Sometime just before Christmas, I gave up. I stopped trying to be a web designer.
Back in early 2000, when I was just back from Peace Corps service in the Republic of Vanuatu, I got a job working at an Internet startup company called PlanetKnowHow, southeast of Cleveland. As I surfed the World Wide Web each day looking for how-to content, I listed in a spiral stenographer’s notebook any cool websites and handy tools I’d encountered — my first entry, which my friend, Karyn, will appreciate, was for (the now defunct) octopus.com, with the note “interesting way to customize web content.” My early online explorations helped me to start a family website called Zuiker Chronicles Online (more history here). Ever since, I’ve been blogging and tinkering with code.
I considered my self-administered web life as mental exercises, but also as a continuation of the Peace Corps tradition of learning a new language, or two. (In Vanuatu, I’d learned Bislama, a pidgin language used among the 82 islands with their 113 distinct languages.) I designed the current themes at zuiker.com and mistersugar.com, but that was back in 2006. As the years passed, and Web design trends showed a lot of creativity and new functions, I filled more notebooks with wireframe sketches and theme inspirations. I especially liked the back-to-basics, simple designs for blogs, often just a single column of text. As I noted last summer, I had begun to dabble with Foundation and Bootstrap.
The holidays approached, and I thought I’d have down time to develop my site. Still, I was starting to recognize that my developing style was as inefficient as it could be, what with the way I introduced design elements one at a time. A new year was coming, in which I intend to shift my focus back to my priorities: health, family, work, service. I finally told myself that while tinkering with code was a nice avocation, my time is valuable, and I was wasting it.
So, I gave up.
I turned for advice to my brilliant friend, Beck Tench. We met for a beer and duck frites at Bull City Burger and Brewery, a Friday evening crowd filling up the place around us. Beck told of her trip to Salzburg and contemplations on her future work. I showed her my design inspirations, talked about the simplicity of single-column text in a responsive design, and expressed my hopes for finding a designer to give me a similarly anodyne-but-crisp style.
Beck listened. I explained that I regularly use the search function to mine my 13 years of blogging, and often find essays and anecdotes I’d forgotten I’d ever shared. My style, I said, is one of storyblogging: recounting a current event, relating it to a story of my or my family’s past, and making an observation.
“What is a blog?” she asked.
“A blog is a frequently updated website, with short posts displayed in a reverse chronological order,” I said. I knew she’d heard my blogging 101 spiel plenty of times before.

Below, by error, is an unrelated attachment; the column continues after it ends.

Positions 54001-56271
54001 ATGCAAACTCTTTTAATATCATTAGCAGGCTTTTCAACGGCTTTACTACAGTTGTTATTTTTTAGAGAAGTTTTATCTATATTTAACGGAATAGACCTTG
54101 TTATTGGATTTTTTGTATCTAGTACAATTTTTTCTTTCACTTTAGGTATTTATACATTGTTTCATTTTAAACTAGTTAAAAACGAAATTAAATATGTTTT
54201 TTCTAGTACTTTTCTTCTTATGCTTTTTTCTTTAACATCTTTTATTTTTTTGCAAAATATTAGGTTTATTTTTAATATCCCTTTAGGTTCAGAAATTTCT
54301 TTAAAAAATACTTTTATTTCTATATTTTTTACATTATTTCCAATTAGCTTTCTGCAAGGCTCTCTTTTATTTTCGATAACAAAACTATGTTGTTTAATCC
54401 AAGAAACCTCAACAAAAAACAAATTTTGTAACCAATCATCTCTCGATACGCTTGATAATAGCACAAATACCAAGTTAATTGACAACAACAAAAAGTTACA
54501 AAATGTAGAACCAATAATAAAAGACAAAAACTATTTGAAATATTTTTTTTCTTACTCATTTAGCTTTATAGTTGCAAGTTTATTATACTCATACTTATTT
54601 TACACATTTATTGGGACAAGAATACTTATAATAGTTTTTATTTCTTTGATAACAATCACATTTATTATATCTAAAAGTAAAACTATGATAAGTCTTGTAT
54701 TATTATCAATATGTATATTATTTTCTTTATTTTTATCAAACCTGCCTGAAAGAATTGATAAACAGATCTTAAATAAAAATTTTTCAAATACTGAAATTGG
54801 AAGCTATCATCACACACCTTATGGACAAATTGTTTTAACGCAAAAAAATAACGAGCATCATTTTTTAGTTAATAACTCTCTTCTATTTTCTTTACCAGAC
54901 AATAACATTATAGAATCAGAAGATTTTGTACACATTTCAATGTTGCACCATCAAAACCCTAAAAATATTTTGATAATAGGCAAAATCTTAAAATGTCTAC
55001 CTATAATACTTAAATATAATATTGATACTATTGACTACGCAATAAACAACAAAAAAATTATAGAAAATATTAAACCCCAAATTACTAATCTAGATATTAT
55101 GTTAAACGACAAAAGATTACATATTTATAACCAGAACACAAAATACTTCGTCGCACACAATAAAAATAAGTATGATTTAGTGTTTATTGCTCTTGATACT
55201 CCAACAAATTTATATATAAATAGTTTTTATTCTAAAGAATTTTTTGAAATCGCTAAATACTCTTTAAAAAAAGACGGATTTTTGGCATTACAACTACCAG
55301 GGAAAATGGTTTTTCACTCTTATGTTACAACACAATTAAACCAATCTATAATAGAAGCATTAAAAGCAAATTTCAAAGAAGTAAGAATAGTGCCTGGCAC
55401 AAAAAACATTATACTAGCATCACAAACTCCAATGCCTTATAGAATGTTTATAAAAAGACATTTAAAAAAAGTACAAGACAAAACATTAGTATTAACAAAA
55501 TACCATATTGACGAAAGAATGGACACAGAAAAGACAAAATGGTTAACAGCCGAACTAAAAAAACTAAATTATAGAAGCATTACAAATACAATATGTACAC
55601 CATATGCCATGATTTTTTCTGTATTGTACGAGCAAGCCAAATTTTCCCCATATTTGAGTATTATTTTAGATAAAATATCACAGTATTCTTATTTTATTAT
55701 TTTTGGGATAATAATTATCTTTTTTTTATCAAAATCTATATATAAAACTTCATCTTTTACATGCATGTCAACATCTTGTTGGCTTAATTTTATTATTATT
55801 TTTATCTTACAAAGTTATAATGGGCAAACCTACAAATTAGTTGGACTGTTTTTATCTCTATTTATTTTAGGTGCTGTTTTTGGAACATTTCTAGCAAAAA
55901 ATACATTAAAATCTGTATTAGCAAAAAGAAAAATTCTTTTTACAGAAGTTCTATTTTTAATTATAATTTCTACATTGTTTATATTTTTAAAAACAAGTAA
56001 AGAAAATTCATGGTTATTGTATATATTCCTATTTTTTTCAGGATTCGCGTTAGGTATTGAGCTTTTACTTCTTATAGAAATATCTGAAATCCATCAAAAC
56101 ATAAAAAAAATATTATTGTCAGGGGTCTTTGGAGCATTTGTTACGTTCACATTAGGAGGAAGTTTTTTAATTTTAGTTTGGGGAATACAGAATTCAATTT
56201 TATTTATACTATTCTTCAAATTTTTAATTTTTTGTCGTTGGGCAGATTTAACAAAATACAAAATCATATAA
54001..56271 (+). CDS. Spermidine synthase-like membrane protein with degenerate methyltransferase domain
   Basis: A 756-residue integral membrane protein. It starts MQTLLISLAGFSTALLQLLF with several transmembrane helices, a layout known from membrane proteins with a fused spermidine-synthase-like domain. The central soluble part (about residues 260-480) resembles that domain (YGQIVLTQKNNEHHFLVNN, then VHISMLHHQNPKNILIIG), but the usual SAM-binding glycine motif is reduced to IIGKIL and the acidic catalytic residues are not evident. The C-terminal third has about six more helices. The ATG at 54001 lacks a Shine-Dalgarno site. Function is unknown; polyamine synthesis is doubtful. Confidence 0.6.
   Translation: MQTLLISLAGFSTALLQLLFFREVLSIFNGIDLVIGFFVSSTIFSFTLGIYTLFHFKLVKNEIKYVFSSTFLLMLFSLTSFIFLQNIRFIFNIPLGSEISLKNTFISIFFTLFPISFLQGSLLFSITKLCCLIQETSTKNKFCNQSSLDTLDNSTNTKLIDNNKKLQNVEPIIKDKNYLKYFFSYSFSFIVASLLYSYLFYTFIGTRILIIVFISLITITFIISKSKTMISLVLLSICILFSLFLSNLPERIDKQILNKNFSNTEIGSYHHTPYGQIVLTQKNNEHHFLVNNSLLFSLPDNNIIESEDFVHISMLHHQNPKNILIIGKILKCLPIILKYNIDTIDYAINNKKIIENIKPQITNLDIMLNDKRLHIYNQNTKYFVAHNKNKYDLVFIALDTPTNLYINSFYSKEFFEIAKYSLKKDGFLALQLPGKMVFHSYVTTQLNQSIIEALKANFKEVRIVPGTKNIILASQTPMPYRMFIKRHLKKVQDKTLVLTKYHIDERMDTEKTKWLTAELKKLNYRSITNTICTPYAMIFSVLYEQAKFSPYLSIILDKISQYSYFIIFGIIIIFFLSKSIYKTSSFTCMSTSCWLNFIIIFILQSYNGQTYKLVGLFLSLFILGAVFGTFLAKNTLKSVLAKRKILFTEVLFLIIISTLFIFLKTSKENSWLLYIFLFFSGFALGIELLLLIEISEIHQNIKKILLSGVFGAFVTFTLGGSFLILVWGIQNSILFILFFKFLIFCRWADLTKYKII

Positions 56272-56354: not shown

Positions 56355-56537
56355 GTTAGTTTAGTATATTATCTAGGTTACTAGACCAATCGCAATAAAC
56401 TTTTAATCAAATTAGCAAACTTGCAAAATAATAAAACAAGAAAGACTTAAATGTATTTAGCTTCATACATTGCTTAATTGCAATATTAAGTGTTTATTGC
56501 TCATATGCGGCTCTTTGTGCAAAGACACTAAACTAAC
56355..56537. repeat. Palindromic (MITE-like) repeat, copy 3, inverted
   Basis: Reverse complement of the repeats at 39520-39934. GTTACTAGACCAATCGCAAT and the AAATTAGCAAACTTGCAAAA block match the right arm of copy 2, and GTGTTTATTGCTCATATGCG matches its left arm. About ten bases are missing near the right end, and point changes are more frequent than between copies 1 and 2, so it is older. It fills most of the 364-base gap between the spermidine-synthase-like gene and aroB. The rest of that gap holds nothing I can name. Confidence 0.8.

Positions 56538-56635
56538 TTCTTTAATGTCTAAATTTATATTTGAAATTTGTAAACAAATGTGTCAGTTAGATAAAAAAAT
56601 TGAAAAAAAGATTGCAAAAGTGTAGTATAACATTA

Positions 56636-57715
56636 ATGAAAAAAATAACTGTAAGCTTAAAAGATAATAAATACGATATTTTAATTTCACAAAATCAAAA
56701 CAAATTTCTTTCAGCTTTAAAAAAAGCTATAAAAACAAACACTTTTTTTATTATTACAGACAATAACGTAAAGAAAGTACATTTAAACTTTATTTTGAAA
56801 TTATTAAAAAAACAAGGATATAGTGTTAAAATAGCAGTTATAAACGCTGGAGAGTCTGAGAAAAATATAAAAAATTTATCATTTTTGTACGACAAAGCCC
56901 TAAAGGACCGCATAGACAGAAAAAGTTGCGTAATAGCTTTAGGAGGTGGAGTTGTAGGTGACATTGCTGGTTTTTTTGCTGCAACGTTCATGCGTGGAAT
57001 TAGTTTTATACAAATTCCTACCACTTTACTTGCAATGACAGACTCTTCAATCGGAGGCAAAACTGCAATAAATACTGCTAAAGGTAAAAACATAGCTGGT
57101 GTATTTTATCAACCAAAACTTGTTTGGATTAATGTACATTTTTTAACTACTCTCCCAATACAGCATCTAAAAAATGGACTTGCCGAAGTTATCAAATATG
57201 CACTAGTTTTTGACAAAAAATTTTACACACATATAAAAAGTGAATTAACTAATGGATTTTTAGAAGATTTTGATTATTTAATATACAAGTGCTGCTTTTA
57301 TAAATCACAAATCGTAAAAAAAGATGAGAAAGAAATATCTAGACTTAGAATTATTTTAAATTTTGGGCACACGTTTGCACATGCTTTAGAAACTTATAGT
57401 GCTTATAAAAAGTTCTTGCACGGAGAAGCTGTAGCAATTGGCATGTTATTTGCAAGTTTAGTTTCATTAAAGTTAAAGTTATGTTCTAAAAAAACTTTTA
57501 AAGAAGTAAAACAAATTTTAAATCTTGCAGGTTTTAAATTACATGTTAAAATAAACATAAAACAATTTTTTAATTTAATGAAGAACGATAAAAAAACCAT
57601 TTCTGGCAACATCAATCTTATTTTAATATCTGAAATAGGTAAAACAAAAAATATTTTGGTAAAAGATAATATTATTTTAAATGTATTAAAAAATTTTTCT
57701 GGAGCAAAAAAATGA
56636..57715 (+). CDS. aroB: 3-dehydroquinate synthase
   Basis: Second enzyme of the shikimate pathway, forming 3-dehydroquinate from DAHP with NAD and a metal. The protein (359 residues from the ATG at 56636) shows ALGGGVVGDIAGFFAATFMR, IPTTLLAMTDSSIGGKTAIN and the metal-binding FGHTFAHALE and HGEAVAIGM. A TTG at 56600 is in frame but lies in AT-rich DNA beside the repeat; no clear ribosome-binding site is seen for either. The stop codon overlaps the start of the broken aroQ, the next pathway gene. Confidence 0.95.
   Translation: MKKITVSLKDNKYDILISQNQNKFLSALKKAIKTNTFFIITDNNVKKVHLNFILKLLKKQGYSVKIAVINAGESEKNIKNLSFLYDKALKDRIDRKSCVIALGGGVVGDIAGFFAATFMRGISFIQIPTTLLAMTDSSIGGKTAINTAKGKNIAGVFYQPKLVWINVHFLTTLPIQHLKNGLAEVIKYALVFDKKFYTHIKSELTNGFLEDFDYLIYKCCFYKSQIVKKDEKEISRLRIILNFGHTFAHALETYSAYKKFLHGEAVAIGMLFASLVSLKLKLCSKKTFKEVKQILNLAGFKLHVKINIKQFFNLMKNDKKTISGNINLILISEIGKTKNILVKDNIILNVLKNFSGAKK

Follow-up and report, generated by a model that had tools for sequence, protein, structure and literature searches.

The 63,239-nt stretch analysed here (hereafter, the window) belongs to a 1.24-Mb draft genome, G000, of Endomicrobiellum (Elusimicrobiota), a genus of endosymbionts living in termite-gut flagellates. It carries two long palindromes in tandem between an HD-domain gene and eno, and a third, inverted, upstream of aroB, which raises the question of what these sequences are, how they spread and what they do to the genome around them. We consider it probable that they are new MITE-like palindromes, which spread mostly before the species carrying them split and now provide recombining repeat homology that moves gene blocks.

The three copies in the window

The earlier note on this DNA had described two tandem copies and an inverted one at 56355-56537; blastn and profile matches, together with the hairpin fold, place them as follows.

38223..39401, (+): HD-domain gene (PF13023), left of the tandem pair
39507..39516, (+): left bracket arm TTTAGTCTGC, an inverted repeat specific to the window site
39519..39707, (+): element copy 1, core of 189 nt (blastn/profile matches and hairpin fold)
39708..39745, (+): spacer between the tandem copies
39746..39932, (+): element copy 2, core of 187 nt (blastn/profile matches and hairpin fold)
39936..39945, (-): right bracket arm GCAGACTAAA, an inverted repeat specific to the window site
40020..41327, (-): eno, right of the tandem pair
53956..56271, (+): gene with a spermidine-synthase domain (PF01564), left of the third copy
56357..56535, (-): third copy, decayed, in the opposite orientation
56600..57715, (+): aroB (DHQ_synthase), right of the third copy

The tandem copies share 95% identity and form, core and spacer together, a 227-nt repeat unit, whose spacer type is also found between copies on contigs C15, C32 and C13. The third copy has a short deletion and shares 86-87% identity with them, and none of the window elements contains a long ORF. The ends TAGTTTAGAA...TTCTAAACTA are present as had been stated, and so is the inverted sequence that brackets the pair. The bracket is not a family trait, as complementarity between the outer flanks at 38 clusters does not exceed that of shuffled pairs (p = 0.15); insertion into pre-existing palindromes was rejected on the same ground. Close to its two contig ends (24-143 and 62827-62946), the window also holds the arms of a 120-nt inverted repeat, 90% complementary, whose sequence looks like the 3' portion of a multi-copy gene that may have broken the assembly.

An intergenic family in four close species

“What if it isn’t?” she asked.
What if my blog, after 13 years of writing and referencing and layering, is less about chronology and more about themes, she suggested. What if mistersugar were to be designed around these connections and continuations, listing not just the latest posts but also displaying the threads between multiple items? And something more than the “If you liked this post, you’ll like these” plugins that some blogs use.
I found this fascinating, and liberating. In recent months, I knew that I was floundering in my web designing because I was fixated on simplicity. I’d been trying to force my blog — myself, even — into an envelope that just didn’t reflect the contours of my life and writing.
Then, the New Yorker arrived with an essay by John McPhee on choosing the right structure for his narrative reporting projects: chronology versus theme. Just what Beck and I had explored a few days earlier.
Beck suggested searching far and wide for a developer who would dig into my archives to understand my blogging history, and maybe help me customize the content management system (I use Textpattern) to help me see the connections and present the threaded stories. I imagine I could show those threads and connections with embedded Storify or Prezi-like presentations, and I may try to prepare at least one to see if there’s a there there: I think my blogging and writing is interesting, maybe only because it’s been the way I write my life’s story, but some days I fear that there might not be a lot to interest others.
However, after 13 years blogging that story, I feel nowhere near finished. So, the next chapter starts with a professional designer, someone who can find the potential in my archives and inspire me to share and observe and connect more and deeper.
I’m looking for a freelance Web designer to help me create the new mistersugar.com, a home for my blog, photos, links (I call them sugarcubes) and other details about life as I live it. Please contact me at email@example.com if you’d like to be the one to help me.